Hailed by American suffragists as the first female judge in the world, Morris does not appear to have been a dedicated activist for women's rights. Appointed to serve out the term of a man who had resigned, Morris only worked for nine months as a justice of the peace. During that time she competently handled the 26 cases she tried. After she retired from the post in November 1870, however, Morris never again sought public office. When later asked about the issue of women's suffrage, Morris replied that women would do well to leave the matter in the hands of men. Like many women of the time, Morris supported women's rights, but she believed a gradual approach would prove most successful

Despite her reluctance to be revered as an activist, Morris has often been celebrated as an important symbol of women's rights. In 1890, one of her sons began calling her the "mother of woman suffrage" in his Cheyenne newspaper. Nearly two decades after she died in 1902, a witness claimed that Morris had pushed for the introduction of the original bill granting women the vote in 1869, though other evidence contradicts this claim. Nonetheless, as the "first woman judge," Morris has continued to be a symbol of the long battle for women's rights in America. Bronze statues at the U.S. Capitol and in Cheyenne honor her memory.

Why we ever waited so long to allow women to get involved in the politics in the early day is beyond me, but in todays political theatre I feel there are a few that should have never been let in! No names are necessary, as I'm sure you know who I mean!

Coffee out on the patio this morning. Sorry, but I ate the last of the chocolate pie! How about some fruit?

Monday, April 1, 2013

Monsters For Monday Mystery...!

We have an interesting mystery for today.

Unless you are a student of Japanese folk lore, you probably haven't heard of this one. I know I hadn't before I found this article at Listverse! Good source for interesting stuff!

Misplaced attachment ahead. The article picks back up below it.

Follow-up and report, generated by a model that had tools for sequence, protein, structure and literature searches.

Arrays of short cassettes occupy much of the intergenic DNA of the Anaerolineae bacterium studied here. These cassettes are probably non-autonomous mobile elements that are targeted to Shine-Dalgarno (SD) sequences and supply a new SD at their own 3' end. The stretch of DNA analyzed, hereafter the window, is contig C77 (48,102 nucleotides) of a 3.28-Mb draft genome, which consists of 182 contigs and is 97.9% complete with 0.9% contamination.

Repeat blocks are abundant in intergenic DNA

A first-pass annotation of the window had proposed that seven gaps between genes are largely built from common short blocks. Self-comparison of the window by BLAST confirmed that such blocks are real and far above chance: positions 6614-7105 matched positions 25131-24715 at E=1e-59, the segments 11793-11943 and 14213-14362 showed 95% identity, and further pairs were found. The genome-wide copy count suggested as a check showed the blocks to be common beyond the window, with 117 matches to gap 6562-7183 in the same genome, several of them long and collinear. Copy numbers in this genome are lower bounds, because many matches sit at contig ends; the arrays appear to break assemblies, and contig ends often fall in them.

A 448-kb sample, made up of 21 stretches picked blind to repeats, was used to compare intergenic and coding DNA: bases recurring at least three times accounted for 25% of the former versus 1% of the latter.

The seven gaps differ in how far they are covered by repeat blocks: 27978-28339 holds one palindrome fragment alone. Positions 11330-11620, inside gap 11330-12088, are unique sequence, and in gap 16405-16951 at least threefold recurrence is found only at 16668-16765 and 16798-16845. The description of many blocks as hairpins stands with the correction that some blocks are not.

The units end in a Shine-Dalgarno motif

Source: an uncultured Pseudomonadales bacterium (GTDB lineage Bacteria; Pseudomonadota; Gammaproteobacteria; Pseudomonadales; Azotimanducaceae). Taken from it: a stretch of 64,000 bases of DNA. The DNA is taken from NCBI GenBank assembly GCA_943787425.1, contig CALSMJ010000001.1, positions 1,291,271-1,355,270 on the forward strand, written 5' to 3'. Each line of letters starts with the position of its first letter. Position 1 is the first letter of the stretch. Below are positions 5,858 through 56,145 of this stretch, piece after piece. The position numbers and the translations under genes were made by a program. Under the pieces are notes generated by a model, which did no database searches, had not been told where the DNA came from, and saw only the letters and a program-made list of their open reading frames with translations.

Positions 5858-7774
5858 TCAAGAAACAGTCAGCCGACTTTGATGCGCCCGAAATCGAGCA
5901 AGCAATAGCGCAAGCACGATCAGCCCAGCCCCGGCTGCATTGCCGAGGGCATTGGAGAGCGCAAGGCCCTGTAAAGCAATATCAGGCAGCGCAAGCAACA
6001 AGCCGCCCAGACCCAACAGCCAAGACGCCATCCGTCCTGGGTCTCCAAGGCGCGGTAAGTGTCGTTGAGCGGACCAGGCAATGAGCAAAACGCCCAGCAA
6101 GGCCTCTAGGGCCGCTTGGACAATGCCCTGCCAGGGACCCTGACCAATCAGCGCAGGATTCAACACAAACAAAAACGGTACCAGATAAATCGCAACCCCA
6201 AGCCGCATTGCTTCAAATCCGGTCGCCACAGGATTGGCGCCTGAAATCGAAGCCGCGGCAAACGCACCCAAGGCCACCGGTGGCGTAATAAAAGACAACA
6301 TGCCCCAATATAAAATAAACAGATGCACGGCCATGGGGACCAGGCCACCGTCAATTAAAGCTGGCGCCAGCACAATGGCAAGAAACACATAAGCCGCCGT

Invisible Monster Attacks in Japan

Around 1890, surreal events began taking place in Japan, mainly in the area of Kamakura, Yamanouchi Ken. While scientists at the time attempted to explain the phenomenon, local villagers were convinced the cause was due to an invisible monster.

Men walking in fields, at home, or in the open would suddenly feel a strong wind and be knocked over. When they stood, the victims found wounds in their legs. The injuries were narrow slits approximately 1”-1½” long and about an inch deep, and had no apparent cause. At first painless and bloodless, after about a half hour the wounds began to bleed and the pain intensified. It was also reported that the injuries were very difficult to heal.

Scientists studying the events theorized the men’s wounds were caused by an inexplicable loss of atmospheric pressure creating a temporary vacuum. However, the stricken men and other locals believed the wounds were the work of a legendary y?kai called kamaitachi, or the “sickle weasel”—a supernatural creature with sharp, sickle-like claws who traveled in a whirlwind (sometimes described as traveling in trios) and attacked humans so quickly, they couldn’t be detected with the naked eye. The kamaitachi was said to use a medicine on the inflicted wounds to temporarily halt bleeding and pain.

The rash of attacks eventually ceased, or at least ceased being reported by newspapers at the time. No absolute explanation has ever been put forward.

You have to admit that this monster is just a tad different than the others we talked about. Strange, don't you think?

We better have our coffee inside this morning, It's trying to rain again and it's just a tad cooler!